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Hi @Fletch   I’m sorry to hear about your moms diagnosis.  Cancer is a really tough disease.  Being scarred shitless is completely normal.  The word cancer will illicit fear universally.  I’ve dealt with it as a care giver to my father and now a patient myself.  Your mom is surely going through a lot of emotions right now.  A cancer diagnosis is a roller coaster.  Cancer treatment can be absolutely brutal.  My father was diagnosed at stage IV seven years ago and opted for the standard treatment regime available at the time.  Based on the statistics at the time I was torn between him getting the treatment or just living his best life with the time left.  He wanted treatment and I supported that.  He lived ten months after diagnosis and those were ten very difficult months for him.  Cancer treatments have progressed significantly since then and prognosis have improved, but the fight is still a difficult one to endure.  People are usually more willing to fight when they feel like they have something to fight for.  A milestone in their life or a loved one that they don’t want to miss is often a strong motivator.  My advice is get the real skinny from the doctors.  Are the treatments she is under curative or palliative?   If they are curative what are the odds?  If they are palliative what does it look like if she doesn’t take them? Doctors are trained to follow very specific courses of actions based on stage and prognosis.  They sometimes don’t consider quality of life as strongly as they should.  Your mom may not be in a place where she can easily absorb all of that.  Once you have the info talk through it with her so she can make an informed decision.  Also tell your mom that you love her, tell her that you don’t want her to die and want her to fight.  Then tell her that it is her decision and you will support whatever she decides.  That last part is really important.  You need to let her know how you feel and also let her know that it is her decision and you will support it.  Making the decision not to fight and enjoy your quality of life with the time you have left is often viewed as selfish...it is also often viewed as brave.  As long as the decision is well informed, deciding to fight or not to fight are two incredibly brave decisions.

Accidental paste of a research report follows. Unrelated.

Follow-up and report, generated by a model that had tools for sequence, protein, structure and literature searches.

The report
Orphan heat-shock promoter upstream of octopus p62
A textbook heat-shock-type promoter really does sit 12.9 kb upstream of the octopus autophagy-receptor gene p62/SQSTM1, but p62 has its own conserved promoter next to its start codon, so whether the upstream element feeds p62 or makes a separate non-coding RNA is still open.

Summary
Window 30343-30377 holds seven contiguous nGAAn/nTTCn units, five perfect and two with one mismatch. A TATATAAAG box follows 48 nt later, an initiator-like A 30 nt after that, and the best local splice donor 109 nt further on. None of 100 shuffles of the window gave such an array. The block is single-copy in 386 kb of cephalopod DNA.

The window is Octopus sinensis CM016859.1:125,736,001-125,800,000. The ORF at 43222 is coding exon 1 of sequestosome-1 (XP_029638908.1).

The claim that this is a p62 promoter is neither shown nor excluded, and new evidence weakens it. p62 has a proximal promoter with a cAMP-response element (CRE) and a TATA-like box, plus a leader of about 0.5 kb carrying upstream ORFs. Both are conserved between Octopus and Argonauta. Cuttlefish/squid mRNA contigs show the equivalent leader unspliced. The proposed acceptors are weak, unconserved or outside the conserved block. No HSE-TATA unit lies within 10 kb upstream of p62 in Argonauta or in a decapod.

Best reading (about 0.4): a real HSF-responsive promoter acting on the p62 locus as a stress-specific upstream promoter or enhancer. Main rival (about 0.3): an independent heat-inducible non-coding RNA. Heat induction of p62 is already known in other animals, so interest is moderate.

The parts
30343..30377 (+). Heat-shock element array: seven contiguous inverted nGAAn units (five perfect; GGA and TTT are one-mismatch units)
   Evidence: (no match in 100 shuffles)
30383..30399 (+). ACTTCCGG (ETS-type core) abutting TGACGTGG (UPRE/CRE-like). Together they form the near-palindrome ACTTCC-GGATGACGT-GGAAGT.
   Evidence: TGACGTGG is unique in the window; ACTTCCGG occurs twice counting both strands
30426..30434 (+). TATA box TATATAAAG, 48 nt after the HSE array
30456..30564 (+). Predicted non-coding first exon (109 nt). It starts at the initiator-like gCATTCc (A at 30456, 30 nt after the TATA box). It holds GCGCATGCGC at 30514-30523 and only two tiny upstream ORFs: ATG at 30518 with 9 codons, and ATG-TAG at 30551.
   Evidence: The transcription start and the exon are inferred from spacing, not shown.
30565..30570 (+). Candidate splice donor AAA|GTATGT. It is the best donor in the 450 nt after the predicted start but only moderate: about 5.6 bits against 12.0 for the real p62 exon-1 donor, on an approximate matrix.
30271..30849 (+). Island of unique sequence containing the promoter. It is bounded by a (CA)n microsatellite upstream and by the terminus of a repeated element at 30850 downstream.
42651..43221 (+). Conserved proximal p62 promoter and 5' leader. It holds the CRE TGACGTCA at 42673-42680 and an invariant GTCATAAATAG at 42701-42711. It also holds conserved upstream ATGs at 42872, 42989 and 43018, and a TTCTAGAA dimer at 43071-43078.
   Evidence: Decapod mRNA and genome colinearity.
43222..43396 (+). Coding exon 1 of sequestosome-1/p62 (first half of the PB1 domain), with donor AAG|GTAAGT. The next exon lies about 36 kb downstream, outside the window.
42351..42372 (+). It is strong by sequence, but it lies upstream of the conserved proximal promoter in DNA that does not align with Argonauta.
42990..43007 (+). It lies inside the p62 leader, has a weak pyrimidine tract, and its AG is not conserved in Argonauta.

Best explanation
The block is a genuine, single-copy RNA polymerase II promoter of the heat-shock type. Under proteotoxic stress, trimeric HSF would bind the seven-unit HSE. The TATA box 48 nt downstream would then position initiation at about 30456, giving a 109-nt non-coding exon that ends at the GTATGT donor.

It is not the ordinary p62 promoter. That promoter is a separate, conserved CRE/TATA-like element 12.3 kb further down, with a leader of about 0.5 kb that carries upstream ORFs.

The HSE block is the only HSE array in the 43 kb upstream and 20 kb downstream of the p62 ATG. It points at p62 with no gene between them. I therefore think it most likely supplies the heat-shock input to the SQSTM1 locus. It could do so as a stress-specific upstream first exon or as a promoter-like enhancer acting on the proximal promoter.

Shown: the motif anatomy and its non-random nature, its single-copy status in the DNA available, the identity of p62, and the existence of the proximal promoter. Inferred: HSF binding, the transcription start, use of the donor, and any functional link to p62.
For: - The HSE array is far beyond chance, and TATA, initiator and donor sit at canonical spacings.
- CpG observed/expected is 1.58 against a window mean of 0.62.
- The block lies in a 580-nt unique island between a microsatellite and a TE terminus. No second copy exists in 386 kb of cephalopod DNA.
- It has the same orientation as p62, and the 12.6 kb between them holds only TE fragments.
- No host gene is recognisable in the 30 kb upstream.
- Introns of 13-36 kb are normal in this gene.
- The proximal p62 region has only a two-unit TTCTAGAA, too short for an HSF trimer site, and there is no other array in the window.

I also recommend finding a local caregivers support group.  This will be an unbelievably  stressful time for you and your family.  Having a support system will help tremendously.  This group will surely stand in where we can.  You’ll find support from both patients and caregivers here, but having someone or a group to talk to in person will also help.